“Not an Artichoke, Nor from Jerusalem”
Michael Connor, Alex Freedman, Marina Zurkow
"Sumac, sumach, summäq. What do you do when face to face with this cloned flowering plant in the wild? Ideally you'd want to bring your black light and see if it glows. But if you're strapped for luminescence out in Brooklyn's Marine Park in December, you'll do what we did: triple check the Wild Man Steve Brill app and hope it's poison ivy's non-toxic next of kin. Alternatively you could avoid the foraging and just buy its derivatives: hummus, re-Phillip Morris American tobacco. First recorded in cuneiform by the Akkadians, this continental philanderer is a survivor. After all, how many tangy purple spices do you know that could survive in a shipwrecked medicine chest for 900 years?
To Sumac, the rhizome shooting mixer."
"Remember the movie Jurassic Park? Well right now you're about nosh on some bronto food. Clocking in at a mere 270 million years old, the Gingko nut is a living fossil, not a nut. Less chemically complex than most bacteria, it is a proverbial loner without any modern relations. But unlike most, it's got the chops to survive both natural mass extinction and Hiroshima size atomic bombs. Mis-transcribed as Gingko by Engelbert Kaempfer, a 17th century German globetrotter, the tree was anglicized in the 1770s as Maidenhair. Catching the eye of one Frank Lloyd Wright, male Maidenhairs have spread across America, with the female nut producing trees kept at bay to ensure public safety.
To ginkgo nuts, our fossilized friends, presuming you don't eat more than 2-5 in one sitting."
"This is the Atlantic shad, latin name Sapidissima, or 'very
delicious.' It spent its life traveling thousands of miles up and down the East Coast, its mouth open to gather plankton and other treats. When the waters warmed in springtime, it swam up rivers like the Delaware, the Connecticut and the Potomac to spawn.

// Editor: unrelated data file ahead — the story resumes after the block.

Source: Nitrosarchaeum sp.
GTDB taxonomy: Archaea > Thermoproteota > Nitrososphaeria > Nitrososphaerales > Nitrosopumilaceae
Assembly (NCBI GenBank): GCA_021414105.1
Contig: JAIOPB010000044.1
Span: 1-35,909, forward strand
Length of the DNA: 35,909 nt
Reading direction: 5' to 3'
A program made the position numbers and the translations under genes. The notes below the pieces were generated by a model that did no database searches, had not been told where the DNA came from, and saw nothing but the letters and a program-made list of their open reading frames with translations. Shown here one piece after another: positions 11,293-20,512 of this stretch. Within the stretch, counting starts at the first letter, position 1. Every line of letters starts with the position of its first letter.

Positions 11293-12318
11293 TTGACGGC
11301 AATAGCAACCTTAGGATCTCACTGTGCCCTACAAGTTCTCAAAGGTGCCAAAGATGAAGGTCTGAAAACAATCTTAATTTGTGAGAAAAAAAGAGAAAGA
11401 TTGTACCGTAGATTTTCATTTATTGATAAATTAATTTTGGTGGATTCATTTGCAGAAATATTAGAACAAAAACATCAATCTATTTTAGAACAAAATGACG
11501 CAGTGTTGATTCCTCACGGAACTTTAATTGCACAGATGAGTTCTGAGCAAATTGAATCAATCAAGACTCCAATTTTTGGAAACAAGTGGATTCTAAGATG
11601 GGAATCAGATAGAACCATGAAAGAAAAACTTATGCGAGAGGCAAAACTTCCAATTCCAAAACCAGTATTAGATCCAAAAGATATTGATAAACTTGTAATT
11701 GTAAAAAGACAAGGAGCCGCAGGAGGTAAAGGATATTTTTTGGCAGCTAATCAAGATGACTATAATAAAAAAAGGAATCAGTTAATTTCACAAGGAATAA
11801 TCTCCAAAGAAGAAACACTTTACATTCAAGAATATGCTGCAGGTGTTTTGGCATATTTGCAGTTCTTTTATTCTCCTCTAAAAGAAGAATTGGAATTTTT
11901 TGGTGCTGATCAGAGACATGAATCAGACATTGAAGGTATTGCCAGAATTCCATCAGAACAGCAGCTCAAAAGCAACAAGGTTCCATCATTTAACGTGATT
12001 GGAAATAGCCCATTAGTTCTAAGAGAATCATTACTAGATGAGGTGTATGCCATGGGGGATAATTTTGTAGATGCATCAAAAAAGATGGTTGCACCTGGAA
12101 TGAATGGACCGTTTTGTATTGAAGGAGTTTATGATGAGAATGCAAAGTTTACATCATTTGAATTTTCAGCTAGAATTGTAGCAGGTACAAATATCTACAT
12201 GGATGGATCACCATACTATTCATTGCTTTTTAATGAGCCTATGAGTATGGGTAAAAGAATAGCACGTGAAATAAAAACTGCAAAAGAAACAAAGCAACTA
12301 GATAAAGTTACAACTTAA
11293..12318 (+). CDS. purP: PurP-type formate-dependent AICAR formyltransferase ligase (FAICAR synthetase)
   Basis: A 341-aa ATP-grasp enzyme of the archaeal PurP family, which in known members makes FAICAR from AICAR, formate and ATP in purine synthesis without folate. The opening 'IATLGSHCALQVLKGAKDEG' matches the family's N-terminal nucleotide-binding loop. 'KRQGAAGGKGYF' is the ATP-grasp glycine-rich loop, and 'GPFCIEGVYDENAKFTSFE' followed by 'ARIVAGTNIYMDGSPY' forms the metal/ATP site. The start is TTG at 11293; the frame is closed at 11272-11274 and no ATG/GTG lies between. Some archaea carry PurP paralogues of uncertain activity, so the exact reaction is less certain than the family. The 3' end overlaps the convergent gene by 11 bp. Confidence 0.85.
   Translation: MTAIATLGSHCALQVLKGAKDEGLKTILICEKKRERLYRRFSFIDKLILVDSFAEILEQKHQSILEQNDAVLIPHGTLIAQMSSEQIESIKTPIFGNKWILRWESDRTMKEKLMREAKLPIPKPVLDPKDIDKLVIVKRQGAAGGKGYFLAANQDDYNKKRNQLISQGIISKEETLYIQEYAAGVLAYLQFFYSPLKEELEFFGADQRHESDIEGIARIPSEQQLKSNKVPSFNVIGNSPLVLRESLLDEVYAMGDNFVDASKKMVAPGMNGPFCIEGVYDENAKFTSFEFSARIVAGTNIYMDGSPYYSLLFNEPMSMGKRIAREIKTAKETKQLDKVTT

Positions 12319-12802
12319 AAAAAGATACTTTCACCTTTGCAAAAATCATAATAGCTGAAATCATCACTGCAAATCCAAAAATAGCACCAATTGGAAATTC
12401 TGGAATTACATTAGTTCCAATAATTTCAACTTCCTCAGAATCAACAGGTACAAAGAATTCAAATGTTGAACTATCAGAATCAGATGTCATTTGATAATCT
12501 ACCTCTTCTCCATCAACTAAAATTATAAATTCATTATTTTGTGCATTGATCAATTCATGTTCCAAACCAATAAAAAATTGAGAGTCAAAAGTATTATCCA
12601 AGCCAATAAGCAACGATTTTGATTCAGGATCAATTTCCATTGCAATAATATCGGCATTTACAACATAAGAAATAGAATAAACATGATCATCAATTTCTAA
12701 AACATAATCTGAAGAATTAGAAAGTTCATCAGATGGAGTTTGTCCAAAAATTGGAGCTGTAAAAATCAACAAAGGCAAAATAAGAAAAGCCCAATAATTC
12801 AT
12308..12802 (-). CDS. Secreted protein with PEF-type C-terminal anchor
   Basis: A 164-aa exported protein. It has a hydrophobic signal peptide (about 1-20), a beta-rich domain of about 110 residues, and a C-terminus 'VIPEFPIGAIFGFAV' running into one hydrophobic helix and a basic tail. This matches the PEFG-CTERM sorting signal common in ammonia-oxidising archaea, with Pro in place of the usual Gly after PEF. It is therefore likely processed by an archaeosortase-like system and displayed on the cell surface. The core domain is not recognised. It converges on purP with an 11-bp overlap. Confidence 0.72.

The arrival of the shad by the millions once marked the arrival of spring and the end of scarcity, concentrating an enormous mass of protein in inland waterways surrounded by half-starved humans. In 1686, William Penn claimed that a man could walk across the Delaware River on the backs of the shad. Its superabundance allowed the Lenape to congregate in greater numbers than usual, making its appearance an important annual social event.
Tonight, we eat cold smoked shad in the depths of winter on a cracker with crème fraiche, keeping in mind the very delicious springtimes of the past, and those of the future."
"The etymology of the Sea Urchin complicates the phrase, Haud Nomine Tantum - the Latin motto that means "Not in Name Alone."
The word urchin comes from the Latin ericius, a hedgehog, and also referred to a military engine full of sharp spikes.
But the resemblance between hedgehogs and urchins stops at its bristly exterior, and I'm sure a hedgehog tastes nothing like the sea urchin, whose anatomy is mostly taken up by its five bright, briny orange gonads. The gonad is the part we eat, evoking the oceany breadth of caviar, and the trembling texture of panna cotta.
There was another name for Sea Urchin, up and down the US eastern seaboard from the 19th century: Whore's Eggs. It'd be nice to think this provocative name referred to the animal's innards, mistakenly thought of as roe. But, it turns out, this was an innocent case of a local patois: in Newfoundland, when you leave the paddles of a boat in the water, the sea urchins lay eggs on them, thus, “oars eggs.” In Newfoundland those with early English roots often add the letter ‘h’ before words beginning with a vowel –happle, helephant, hair. Over time the descriptor became “whores’ eggs.” Some would even say whores heggs"
A toast to our next tasting, the Sea Herchin. She is served seated next to her umami kin, the Hoyster."